Blessing the land, looking ahead to the future home of African American Cultural Center in Virginia
A young artist who goes by El, 19, helped create the painting, which showed two figures, one past, one present, near a tree of knowledge. People attending the blessing ceremony signed the tree. Their names became part of it.
“It’s multiple pieces into one,” El said. “Everybody gets to sign their name on the tree.”
“The tree represents growth,” said Malik Jordan, 17, a spoken word poet, member of the Hampton Roads Youth Poets and a junior at Lake Taylor High School. “It’s interactive art.”
So, too, will be this center. The project, surrounded by six of the 12 historically African American neighborhoods in the city, is meant to become a destination that will house history, artifacts, collections and more. Classrooms, a hall, a historical walking path and outdoor event spaces are planned.
“We can’t wait for it to be built so we can participate and be active,” said Tameka Neely of Chesapeake, a member of the Virginia Beach chapter of Delta Sigma Theta. Her name was among those written into the painting.
The center has long been a goal of City Councilmember Dr. Amelia Ross-Hammond, a retired Norfolk State University professor and the only black person to serve on the current city council.
“Our vision is for the center to be a regional leader in generating historical and cultural content,” she said during an interview.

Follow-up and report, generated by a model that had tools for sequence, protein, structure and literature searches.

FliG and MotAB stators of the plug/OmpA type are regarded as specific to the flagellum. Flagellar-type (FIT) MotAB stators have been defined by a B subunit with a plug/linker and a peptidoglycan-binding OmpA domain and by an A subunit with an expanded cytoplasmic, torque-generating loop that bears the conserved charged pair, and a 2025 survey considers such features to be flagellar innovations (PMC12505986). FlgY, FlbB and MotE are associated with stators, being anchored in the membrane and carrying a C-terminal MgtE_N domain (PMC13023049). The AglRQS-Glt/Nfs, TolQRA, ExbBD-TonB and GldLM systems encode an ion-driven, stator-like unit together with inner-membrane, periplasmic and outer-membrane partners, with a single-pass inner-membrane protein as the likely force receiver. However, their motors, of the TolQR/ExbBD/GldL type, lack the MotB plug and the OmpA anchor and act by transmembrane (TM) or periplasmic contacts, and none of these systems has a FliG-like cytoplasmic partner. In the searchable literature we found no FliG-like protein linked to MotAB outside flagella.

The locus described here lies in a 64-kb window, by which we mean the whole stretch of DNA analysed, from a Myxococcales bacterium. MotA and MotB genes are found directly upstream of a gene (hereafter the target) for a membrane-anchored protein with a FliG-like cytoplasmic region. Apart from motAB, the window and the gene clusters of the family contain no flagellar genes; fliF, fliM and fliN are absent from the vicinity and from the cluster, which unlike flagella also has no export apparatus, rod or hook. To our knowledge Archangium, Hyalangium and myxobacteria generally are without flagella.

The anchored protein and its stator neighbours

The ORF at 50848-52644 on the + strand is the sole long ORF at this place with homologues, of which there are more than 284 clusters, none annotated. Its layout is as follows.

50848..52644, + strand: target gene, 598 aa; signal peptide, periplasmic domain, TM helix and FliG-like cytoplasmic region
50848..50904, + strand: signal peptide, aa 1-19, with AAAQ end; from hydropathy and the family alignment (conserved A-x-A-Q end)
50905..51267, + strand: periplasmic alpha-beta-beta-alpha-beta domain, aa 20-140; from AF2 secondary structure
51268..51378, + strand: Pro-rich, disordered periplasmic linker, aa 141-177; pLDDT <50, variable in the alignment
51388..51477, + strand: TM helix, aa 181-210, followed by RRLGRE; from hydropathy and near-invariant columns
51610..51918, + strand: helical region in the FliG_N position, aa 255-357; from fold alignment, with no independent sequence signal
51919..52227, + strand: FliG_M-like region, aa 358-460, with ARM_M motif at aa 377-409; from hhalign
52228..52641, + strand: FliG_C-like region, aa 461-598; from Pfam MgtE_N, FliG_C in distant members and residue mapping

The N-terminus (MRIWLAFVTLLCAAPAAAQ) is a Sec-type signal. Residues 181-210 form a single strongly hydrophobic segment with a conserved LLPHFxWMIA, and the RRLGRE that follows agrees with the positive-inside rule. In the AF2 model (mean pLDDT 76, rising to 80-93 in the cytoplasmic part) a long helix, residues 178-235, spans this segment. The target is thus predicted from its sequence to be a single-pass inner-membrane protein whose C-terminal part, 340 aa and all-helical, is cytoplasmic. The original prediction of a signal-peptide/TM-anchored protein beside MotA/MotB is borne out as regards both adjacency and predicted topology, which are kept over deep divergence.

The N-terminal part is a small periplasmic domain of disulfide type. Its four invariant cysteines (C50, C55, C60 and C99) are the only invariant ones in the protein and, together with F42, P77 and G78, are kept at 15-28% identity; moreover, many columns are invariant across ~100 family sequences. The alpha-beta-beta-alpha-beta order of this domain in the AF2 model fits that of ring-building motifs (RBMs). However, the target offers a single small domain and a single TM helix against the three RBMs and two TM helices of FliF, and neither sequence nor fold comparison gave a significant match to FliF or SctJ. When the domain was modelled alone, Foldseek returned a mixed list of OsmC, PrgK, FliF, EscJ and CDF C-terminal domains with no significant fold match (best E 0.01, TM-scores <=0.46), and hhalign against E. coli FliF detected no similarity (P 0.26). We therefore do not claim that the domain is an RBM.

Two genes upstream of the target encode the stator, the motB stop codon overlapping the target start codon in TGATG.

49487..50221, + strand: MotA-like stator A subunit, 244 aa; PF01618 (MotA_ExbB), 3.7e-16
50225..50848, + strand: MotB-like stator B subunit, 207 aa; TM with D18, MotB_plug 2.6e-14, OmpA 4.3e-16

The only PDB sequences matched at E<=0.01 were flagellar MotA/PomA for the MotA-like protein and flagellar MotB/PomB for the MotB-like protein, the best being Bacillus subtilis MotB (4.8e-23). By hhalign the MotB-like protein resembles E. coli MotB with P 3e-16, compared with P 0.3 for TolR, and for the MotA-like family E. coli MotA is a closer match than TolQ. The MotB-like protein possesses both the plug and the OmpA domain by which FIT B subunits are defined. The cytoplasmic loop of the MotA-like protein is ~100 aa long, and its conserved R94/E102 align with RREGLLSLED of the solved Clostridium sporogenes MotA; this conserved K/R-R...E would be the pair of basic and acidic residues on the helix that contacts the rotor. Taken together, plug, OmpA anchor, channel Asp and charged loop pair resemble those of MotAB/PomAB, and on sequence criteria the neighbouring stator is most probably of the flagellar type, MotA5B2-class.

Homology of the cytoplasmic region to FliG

Before the blessing itself, when people gathered in a circle around the land in fellowship, young people took the stage and held the panels of the painting together. There was the tree with names written into its trunk and branches. And there were the figures, one with a drum, another wearing headphones. Someday, Ross-Hammond said later, it will be displayed in the center.
The blessing included prayer and a symbolic gift of water to the land, to elders, and then drums played as though binding it all.
After the ceremony, Pat Washington of Green Run visited a table showing historical artifacts, including pictures of local educators, a Civil War cap and a sign said to have been from a local store during the time of segregation.
It was marked with an antiquated term that once told black people where to enter a business. Items on the table had been collected by local historian and author Edna Hawkins-Hendrix. Such items, too, will someday be in the center.
Washington’s grandchildren, 10-year-old Zoe Hamer and 8-year-old Nathanyal Mackey, looked at the items, even touched the sign.
“Do you know what this is all about?” Washington asked her grandchildren, but they did not.
“Well, that’s why they’re out here,” Washington said. “So they can learn.”
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